The sins of teachers are teaching sins. True, sin, strictly speaking, cannot injure the name and glory of God: He is above the reach of any mischief that sin can do to him: His essential glory is perfect, and can neither be increased nor diminished by the creatures: God can no more be hurt by our sins, than the sun can be hurt by throwing stones into the air, or the moon hurt by the barking of dogs. But his manifestative glory, or the present manifestations of his glory, these are clouded and elipsed by sin; and therefore God will deal with knowing sinners, especially such as undertake to be teacher of others, as with those that have blasphemed his name, wounded his glory, trampled upon his honour, and caused his holy ways to be evil spoken of, by reason of their wicked and unholy lives. Lord, let all that administer unto thee in holy things consider, that they have not only their own sins to account for, but also the sins of their people, if committed by their profligate example.
It is sufficiently known what great stress the Jews laid upon circumcision; they taught, that this alone was enough to procure the favour of God, and to free them from hell: "God having, as they said, promised Abraham, that if his children transgressed, he would remember the odour of the foreskins, and deliver them for the merit of circumcision." But all this was a false and vain-glorious bustle.
Our apostle, therefore, in the words before us, assures the Jews, that circumcision without holiness of conversation, would never free them from condemnation: That a circumcised Jew, who walks not in obedience to the law of God, is in as bad, or worse condition, than any uncircumcised Heathen; yea, the uncircumcision, that is, the uncircumcised person that keeps the law, shall be accepted of God, as well as if he had been circumcised; and be preferred by God before the circumcised Jew that transgresses the law.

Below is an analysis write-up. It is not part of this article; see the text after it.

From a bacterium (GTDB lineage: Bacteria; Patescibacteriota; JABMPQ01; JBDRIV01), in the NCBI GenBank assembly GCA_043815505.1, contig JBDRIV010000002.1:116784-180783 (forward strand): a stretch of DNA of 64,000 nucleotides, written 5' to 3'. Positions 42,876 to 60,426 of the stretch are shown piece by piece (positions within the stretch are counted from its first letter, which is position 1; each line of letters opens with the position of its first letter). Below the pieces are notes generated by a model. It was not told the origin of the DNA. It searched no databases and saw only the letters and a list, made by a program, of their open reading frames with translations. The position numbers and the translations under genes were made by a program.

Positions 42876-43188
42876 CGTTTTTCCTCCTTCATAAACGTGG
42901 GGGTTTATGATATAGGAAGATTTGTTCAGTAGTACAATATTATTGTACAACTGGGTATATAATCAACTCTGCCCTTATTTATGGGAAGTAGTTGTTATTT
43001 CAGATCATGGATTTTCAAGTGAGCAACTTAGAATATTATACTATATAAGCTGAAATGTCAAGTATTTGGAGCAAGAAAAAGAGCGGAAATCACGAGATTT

The sum is, that the obedient Gentile shall condemn the disobedient Jew, and be sooner accepted by God, with whom there is no respect of persons, but with respect to their qualifications: That no church-privileges, no external prerogatives, nor the highest profession of piety and holiness, without an humble, uniform, and sincere obedience, will be anything available to salvation.
And as, then, an uncircumcised Gentile found better acceptance with God than many circumcised Jews; even so, an unbaptized Heathen, at the great day, will not change place with many baptized Christians. It is a sad, but a certain truth, that the case of the Pagan world will be much easier in the day of judgment, than other that live and die disobedient under the gospel of Jesus Christ. The Heathens have abused but one talent, the light of nature; but we thousands, even as many thousands as we have slighted the tenders of offered grace.
Lord, what a fearful aggravation doth it put upon our sin and misery, when we fall from the height of mercy into the depth of misery? We must certainly be accountable to thee at the great day, not only for all the light we had, but for all that we might have had in the gospel-day; and especially for that light we have sinned under, and rebelled against.